Reliable Rapid Assay for Gonorrhea and Chlamydia in the Emergency Department.

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The Journal of emergency medicine


BACKGROUND: Chlamydia trachomatis (CT) and Neisseria gonorrhoeae (NG) are common sexually transmitted infections seen in the emergency department (ED). Due to an inability to reliably make accurate diagnosis by physical examination, concern for unreliable follow-up, and current delays in diagnostic nucleic acid amplification testing (NAAT), presumptive treatment active against CT and NG, as described by Centers for Disease Control clinical practice guidelines, is often performed.

OBJECTIVES: The purpose of this study was to determine whether a rapid, urine NAAT performed in the ED is noninferior in its diagnostic sensitivity compared with a traditional, swab NAAT assay.

METHODS: We performed a prospective, noninferiority study comparing two U.S. Food and Drug Administration-approved NAAT assays for CT and NG: a 90-min rapid assay, the Xpert CT/NG Assay (Cepheid, Sunnyvale, CA) using a urine sample vs. a traditional assay, the Aptima Combo 2 Assay (Gen-Probe Incorporated, San Diego, CA) using a swab sample. This study was registered on (NCT02386514).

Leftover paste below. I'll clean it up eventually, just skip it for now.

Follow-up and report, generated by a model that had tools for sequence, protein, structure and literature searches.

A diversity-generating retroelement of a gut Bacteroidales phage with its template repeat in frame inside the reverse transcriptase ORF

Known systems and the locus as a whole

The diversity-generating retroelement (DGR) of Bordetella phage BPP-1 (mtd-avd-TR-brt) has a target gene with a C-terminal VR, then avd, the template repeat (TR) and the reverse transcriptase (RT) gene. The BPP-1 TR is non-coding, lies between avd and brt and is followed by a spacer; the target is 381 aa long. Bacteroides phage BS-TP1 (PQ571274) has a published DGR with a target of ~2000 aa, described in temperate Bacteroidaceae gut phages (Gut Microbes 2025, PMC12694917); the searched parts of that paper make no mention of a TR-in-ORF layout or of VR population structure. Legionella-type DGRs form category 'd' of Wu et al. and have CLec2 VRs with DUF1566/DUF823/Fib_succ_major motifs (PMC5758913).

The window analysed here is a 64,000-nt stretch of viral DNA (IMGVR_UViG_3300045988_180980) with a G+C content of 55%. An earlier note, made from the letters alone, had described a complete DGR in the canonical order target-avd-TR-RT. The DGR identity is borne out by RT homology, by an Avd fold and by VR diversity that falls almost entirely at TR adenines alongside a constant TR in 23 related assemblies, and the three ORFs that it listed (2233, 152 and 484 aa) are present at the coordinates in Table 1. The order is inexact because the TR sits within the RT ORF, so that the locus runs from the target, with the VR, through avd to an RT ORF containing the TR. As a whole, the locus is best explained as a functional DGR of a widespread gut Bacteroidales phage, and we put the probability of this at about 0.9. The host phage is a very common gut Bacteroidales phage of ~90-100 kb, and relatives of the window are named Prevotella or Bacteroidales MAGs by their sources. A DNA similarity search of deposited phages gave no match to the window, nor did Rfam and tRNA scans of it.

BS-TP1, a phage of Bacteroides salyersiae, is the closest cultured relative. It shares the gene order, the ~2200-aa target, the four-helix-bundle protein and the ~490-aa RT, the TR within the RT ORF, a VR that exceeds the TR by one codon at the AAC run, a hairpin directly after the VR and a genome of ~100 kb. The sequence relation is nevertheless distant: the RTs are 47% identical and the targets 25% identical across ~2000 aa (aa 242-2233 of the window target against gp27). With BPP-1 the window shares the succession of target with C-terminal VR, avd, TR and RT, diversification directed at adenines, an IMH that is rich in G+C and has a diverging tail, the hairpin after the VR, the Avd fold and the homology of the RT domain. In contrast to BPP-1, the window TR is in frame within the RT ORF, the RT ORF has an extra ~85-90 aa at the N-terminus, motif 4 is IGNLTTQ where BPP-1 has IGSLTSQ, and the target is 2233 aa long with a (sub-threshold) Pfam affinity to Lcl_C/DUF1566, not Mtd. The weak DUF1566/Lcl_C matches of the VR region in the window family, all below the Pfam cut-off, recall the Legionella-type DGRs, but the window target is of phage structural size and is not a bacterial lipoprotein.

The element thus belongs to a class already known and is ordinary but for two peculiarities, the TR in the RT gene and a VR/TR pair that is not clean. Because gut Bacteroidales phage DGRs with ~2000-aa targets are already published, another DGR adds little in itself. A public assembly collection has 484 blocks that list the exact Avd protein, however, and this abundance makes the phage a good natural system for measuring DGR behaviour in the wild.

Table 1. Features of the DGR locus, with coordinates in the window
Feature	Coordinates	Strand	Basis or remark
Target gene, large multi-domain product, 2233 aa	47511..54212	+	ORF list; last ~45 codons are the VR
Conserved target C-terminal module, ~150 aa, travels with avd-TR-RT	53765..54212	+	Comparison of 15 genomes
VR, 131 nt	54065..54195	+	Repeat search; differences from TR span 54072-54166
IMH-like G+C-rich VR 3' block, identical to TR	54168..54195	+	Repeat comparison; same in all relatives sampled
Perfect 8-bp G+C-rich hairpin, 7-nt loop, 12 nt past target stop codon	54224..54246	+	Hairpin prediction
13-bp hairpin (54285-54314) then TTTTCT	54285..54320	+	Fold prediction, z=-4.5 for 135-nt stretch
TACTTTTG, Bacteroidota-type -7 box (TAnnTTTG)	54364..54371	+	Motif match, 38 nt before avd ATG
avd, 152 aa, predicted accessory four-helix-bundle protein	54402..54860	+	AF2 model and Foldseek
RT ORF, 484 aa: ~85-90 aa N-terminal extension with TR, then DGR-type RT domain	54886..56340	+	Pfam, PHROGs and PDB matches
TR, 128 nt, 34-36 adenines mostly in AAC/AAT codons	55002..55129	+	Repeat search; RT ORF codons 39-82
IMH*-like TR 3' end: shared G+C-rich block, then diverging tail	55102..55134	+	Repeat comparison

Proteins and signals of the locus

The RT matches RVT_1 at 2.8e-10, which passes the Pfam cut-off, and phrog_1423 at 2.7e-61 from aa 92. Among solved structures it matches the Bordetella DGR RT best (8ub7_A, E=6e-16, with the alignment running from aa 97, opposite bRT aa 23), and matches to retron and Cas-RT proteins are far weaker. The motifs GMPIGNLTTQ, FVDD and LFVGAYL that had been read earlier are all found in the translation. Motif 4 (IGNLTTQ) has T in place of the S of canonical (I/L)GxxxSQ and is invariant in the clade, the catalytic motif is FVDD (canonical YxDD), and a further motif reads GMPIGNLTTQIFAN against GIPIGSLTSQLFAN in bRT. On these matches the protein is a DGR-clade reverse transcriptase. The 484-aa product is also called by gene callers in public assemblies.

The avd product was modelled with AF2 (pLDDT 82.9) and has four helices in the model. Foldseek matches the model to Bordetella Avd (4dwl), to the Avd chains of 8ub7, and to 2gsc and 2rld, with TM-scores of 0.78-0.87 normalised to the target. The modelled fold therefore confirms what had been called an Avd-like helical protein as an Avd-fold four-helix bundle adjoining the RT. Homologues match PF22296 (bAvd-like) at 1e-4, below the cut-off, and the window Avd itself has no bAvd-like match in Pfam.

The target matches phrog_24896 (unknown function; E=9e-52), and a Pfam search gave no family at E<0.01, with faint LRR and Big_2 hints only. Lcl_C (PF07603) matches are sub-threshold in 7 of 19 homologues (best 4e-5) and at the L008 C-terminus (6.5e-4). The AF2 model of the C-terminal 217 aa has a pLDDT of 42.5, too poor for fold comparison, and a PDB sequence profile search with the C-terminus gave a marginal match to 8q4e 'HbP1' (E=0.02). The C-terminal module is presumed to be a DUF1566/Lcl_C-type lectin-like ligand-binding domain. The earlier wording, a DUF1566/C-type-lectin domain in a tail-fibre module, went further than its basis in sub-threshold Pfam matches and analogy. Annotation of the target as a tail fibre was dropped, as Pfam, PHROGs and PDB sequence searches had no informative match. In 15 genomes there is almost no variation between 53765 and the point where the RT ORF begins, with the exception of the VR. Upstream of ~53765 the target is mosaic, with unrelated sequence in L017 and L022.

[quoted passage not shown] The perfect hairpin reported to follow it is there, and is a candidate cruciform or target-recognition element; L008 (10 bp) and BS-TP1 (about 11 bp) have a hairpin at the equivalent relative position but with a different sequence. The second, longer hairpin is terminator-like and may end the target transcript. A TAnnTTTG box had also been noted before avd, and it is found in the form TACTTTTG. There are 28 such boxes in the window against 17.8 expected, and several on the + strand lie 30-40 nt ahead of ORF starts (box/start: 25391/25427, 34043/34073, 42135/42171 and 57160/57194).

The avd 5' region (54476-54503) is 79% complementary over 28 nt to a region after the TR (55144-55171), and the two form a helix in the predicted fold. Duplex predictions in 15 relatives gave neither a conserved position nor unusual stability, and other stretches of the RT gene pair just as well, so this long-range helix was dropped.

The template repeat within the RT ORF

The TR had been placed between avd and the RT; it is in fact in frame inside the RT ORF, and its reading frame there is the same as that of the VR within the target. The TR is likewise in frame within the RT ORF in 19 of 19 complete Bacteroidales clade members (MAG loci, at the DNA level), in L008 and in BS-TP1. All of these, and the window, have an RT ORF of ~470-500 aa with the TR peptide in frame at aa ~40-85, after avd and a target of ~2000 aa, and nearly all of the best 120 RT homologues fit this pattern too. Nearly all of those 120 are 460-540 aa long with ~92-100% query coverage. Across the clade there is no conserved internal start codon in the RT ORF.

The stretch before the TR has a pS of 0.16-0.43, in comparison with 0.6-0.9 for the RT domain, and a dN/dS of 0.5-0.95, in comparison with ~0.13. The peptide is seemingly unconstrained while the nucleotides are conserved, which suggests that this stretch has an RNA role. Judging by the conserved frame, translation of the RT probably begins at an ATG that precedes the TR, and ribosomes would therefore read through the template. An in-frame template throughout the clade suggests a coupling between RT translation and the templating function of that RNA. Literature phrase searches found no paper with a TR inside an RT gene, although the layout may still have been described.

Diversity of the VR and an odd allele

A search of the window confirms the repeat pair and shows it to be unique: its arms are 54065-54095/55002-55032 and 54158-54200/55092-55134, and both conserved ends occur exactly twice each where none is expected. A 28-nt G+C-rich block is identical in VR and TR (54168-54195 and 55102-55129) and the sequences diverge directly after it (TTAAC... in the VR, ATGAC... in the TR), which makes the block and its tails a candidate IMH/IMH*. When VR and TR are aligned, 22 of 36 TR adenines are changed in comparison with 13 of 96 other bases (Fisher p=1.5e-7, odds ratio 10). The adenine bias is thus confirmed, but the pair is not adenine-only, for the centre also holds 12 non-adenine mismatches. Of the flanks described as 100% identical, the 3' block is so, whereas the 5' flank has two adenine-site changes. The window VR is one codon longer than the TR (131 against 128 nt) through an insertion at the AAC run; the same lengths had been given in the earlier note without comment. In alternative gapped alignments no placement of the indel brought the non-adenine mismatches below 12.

RESULTS: A total of 1162 patient samples were included in the primary analysis. We observed excellent kappa agreement between assays: NG for men, 1.00 (95% confidence interval [CI] 1.00-1.00); NG for women, 0.87 (95% CI 0.79-0.94); CT for men, 0.81 (95% CI 0.59-1.00); and CT for women: 0.85 (95% CI 0.80-0.90), as well as excellent negative and positive predictive values for the rapid assay.

CONCLUSION: Although the rapid Xpert CT/NG assay's diagnostic sensitivity did not meet our prespecified threshold for noninferiority, the diagnostic characteristics are robust enough to fit into a management pathway that may reduce unnecessary antibiotic use. There may be an opportunity to utilize the rapid Xpert CT/NG assay to improve accuracy of treatment in the ED.

Medical Subject Headings

Adult; Chlamydia Infections; Chlamydia trachomatis; Emergency Service, Hospital; Female; Gonorrhea; Humans; Male; Neisseria gonorrhoeae; Nucleic Acid Amplification Techniques; Prospective Studies; Sexually Transmitted Diseases

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